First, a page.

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 You are in: Special Report: 1999: 11: 99: Battle for Free Trade
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Wednesday, 1 December, 1999, 13:20 GMT
Analysis: Who's afraid of the WTO?
Green groups Green groups take their concerns to Seattle

They might not have much in common, but the groups taking their protest onto the streets of Seattle are united by a common dislike for a process and institution they believe is inherently unfair.

The battle for free trade
The estimated 30,000 protesters who descended on the American West Coast and the thousands who have demonstrated in other cities around the world represent a broad swathe of interests and causes.

All of them agree that the World Trade Organisation is a body that puts profit and the good of the world's mega-corporations before the interests of people and the planet.

In Seattle they gathered for the largest protest in the US since the Vietnam War.

Who are the protesters?
Animal rights activists
Labour unions
Church groups
Consumer groups
Human rights bodies
Free Tibet campaigners stood alongside opponents of genetically modified foods; environmental and animal rights activists beside supporters of Mexico's Zapatista rebels.

Also there in large numbers were representatives of American labour unions.

They object to President Clinton's proposals for lower trade barriers around the world - a move they say will flood the country with low cost imports and cost thousands of US jobs. The deal struck with Beijing two weeks ago paving the way for China's entry to the WTO is a particular cause of their anger.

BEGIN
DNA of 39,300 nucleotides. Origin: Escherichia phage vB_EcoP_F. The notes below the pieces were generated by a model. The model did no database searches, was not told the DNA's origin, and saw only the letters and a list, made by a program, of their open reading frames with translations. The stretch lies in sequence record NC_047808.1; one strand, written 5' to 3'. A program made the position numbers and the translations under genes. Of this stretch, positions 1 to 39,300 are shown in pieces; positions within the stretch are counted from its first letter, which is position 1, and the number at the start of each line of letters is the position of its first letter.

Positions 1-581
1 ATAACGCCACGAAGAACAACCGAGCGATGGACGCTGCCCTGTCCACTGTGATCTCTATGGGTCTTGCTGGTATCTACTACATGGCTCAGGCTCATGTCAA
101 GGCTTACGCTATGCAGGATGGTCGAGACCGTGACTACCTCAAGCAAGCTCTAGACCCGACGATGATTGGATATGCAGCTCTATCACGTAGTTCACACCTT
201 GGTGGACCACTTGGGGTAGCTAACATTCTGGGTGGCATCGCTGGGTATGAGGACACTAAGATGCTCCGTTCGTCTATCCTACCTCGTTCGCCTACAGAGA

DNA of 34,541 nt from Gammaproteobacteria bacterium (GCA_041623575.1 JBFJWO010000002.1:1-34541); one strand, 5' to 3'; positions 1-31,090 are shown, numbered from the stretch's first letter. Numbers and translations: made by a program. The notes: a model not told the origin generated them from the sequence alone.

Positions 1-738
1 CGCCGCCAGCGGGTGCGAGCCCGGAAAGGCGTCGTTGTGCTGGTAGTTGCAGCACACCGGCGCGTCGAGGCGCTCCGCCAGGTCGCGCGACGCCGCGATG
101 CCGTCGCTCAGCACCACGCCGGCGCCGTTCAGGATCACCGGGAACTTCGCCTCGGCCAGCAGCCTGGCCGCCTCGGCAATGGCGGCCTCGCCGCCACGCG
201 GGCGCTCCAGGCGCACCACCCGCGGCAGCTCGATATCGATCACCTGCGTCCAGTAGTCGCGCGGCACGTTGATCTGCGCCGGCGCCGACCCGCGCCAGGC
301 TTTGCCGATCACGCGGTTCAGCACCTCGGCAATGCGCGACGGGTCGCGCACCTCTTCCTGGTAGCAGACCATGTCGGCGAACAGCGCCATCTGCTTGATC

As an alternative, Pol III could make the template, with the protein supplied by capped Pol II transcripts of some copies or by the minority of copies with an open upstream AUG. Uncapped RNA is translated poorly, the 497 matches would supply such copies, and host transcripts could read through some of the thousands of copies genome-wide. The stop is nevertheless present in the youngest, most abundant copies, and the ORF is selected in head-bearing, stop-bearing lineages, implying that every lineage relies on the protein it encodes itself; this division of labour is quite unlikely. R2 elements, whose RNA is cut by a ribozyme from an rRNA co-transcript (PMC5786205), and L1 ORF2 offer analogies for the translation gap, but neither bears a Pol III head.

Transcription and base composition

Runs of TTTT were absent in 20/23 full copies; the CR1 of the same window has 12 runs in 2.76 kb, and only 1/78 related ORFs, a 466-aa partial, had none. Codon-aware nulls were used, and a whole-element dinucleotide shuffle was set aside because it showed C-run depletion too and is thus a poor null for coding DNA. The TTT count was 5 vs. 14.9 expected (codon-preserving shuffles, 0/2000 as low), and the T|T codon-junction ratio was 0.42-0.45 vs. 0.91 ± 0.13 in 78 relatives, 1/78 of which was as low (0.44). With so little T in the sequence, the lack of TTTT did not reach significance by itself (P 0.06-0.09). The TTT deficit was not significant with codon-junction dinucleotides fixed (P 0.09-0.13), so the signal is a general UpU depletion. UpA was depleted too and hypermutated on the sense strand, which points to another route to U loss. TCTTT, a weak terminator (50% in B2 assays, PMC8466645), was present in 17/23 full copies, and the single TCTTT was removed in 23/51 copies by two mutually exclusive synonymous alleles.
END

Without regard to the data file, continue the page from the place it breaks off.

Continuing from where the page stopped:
All the groups see the WTO as in some way or another a frustration to their cause - an organisation that does not listen to the concerns to ordinary people and is designed only to concentrate even more power in the hands of rich countries and corporations.

Common cause

For the first time students, people of faith, environmentalists, labour leaders and working families came together to send the message that the WTO does not protect workers or the environment
Carl Pope
Director, Sierra Club
The banners on the streets expressed their frustrations even more clearly. Amongst the "China out of Tibet" and "Fair Trade Not Free Trade" slogans were banners labelling the WTO the "World Takeover Organisation" or "Way Too Orwellian."

The Seattle protest had been planned for months, much of it orchestrated using that most global tool, of the modern era, the internet.

For these groups and their supporters around the world, the web has transformed popular protest, enabling activists across the world to work together in a way they were never able to before.

Violent hardcore

Protester Protesters say the WTO is designed only to benefit rich countries and corporations
The mainstream organisers of the Seattle protest insist they would never condone violence to bring attention to their cause.

But, as was demonstrated on Tuesday, that is no deterrent to a small hardcore intent on turning what had been billed as a peaceful "carnival against capitalism" into a violent showdown with the authorities.

For these protesters violence is a justified response to what they see as the damage caused by the rush for corporate profit, which they blame for death and environmental destruction.

"Capital is violence 24 hours a day" one activist told the BBC in a recent interview. " People are killed, environments are destroyed for growth, for competition, for profit - for us, that's violent."
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See also:
30 Nov 99 |  Business
Technocrats versus Turtles
01 Dec 99 |  Americas
Trade protesters spark emergency
01 Dec 99 |  Business
WTO boss: Protesters harm the poor
30 Nov 99 |  Americas
In pictures: The WTO protests
23 Nov 99 |  Battle for Free Trade
Free trade flashpoints
28 Nov 99 |  Battle for Free Trade
Global hopes, global fears

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